Engineers with Freescale and Alcatel-Lucent's Bell Labs are working together to develop a programmable universal access device that can be used for any combination of wireless and wireline connections.
The project is part of an expansion of a years-long working relationship between the two companies that is entering its third phase, according to Tareq Bustami, vice president of product management for Freescale's Digital Networking division. The effort to develop the access device, which was announced Feb. 18, is driven by such trends as the Internet of things (IoT), Bustami told eWEEK.
Cisco Systems officials are forecasting that the number of connected devices worldwide—from smartphones and tablets to cars, home appliances and industrial systems—will balloon from 25 billion last year to more than 50 billion by 2020. The IoT will grow the number of network endpoints and drive up the demand for both wired and wireless connectivity, he said. In addition, access nodes in the future will be placed increasingly closer to the end user, and with the growth of small cells and other technologies, the number of remote nodes will increase tenfold in the coming years, according to Peter Vetter, head of the Fixed Networks Program at Bell Labs.
Service providers are going to be under increasing pressure to increase bandwidth and ramp up the quality of service in their networks, while also trying to drive down capital and operational costs, Vetter said.
What Freescale and Bell Labs engineers are looking to do is enable service providers to leverage a single access device that can be used with both wireline and 5G wireless and is programmable—the device can be configured to meet the any combination of wireline and wireless needs. Bustami and Vetter said they wanted to replicate what the technology has done with data center infrastructures, where resources can be deployed and redeployed depending on workload demand.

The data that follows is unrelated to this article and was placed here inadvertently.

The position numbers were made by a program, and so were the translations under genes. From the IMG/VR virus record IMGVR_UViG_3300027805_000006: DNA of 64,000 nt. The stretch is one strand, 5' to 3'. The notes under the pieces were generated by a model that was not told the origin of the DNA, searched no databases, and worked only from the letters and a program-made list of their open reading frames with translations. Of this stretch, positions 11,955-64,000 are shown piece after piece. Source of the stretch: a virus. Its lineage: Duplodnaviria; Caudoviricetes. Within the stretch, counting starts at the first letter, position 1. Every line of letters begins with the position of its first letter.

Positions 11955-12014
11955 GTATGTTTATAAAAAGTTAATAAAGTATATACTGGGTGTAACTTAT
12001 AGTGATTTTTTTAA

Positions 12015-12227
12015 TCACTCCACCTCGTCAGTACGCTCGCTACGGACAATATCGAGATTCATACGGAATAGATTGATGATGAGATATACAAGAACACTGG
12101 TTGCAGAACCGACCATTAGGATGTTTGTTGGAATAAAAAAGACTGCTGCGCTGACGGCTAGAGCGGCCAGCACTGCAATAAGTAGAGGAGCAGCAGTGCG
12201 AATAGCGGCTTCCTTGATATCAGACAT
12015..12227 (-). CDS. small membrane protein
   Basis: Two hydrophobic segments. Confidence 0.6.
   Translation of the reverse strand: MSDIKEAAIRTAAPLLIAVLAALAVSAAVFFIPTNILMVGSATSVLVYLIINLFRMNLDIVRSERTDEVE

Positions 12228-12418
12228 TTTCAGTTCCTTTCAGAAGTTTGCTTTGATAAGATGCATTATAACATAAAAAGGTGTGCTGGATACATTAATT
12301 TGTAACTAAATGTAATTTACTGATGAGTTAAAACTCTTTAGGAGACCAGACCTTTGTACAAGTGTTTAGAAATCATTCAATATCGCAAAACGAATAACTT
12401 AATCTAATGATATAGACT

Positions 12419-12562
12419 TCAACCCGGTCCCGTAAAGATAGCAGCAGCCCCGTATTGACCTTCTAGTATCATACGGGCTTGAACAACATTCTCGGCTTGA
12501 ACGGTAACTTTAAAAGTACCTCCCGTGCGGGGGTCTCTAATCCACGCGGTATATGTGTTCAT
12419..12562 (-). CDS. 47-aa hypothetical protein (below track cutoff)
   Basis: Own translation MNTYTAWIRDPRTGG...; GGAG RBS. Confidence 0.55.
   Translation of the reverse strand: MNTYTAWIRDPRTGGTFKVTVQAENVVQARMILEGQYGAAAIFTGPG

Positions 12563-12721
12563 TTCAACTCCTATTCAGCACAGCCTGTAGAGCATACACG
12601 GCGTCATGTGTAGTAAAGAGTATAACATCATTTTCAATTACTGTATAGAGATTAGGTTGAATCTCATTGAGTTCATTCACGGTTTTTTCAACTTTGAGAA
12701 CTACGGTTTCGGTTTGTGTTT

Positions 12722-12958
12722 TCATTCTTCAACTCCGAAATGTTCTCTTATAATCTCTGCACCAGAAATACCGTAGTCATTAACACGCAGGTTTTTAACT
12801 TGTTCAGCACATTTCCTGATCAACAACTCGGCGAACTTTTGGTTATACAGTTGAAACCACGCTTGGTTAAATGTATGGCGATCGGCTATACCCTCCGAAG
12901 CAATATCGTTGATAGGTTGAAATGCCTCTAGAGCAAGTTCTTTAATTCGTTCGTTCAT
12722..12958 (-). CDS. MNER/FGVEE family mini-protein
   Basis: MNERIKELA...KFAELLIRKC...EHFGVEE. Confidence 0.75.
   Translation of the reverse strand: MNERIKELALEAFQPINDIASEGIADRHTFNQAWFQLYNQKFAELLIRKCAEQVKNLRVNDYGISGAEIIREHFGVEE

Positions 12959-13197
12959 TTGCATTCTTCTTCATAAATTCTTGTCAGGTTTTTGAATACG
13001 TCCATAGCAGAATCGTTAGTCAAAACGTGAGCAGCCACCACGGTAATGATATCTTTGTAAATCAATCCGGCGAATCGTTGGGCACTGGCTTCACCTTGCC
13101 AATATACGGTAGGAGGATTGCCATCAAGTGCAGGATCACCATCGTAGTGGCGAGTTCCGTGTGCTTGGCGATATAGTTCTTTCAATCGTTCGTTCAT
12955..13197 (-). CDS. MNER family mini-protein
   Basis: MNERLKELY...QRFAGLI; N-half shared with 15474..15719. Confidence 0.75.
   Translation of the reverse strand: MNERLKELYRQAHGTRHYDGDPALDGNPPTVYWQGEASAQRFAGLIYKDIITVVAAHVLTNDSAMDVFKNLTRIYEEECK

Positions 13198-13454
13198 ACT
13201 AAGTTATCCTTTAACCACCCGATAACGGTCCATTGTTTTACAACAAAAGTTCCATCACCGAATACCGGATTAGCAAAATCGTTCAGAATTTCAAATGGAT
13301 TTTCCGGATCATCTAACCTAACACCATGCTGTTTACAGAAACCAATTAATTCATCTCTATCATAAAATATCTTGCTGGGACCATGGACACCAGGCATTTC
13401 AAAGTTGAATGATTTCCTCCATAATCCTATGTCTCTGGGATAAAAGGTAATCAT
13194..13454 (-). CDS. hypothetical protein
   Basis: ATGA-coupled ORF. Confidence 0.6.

A universal and programmable access device for both wireline and wireless needs will give service providers that same kind of flexibility to meet rapidly changing demands on their networks, they said.
"From street corner to street corner, the configurations [of the access devices] will be different," Vetter told eWEEK, noting the importance of programmability. "There will be different network needs of different service providers."
In addition, having a single device that can be optimized and programmed to address particular needs will help service providers keep their expenses down. For their part, end users won't care one way or the other, as long as they get the connectivity they demand, he said.
Like 5G itself, the move to develop the universal access device will take time, according to Freescale's Bustami.
"This is really for the network of 2020," he said.
The companies will take the next two years to develop the access device, with plans to unveil a proof-of-concept in the first quarter of 2017. The vendors are hoping to leverage Freescale's expertise in networking silicon and software and Bell Labs' background in systems to build the access node.
The idea of 5G is getting a lot of attention, despite 4G only getting under way over the past few years. Tom Wheeler, chairman of the Federal Communications Commission (FCC), in October called for a study looking into whether the existing high-band spectrum could work with next-generation 5G services.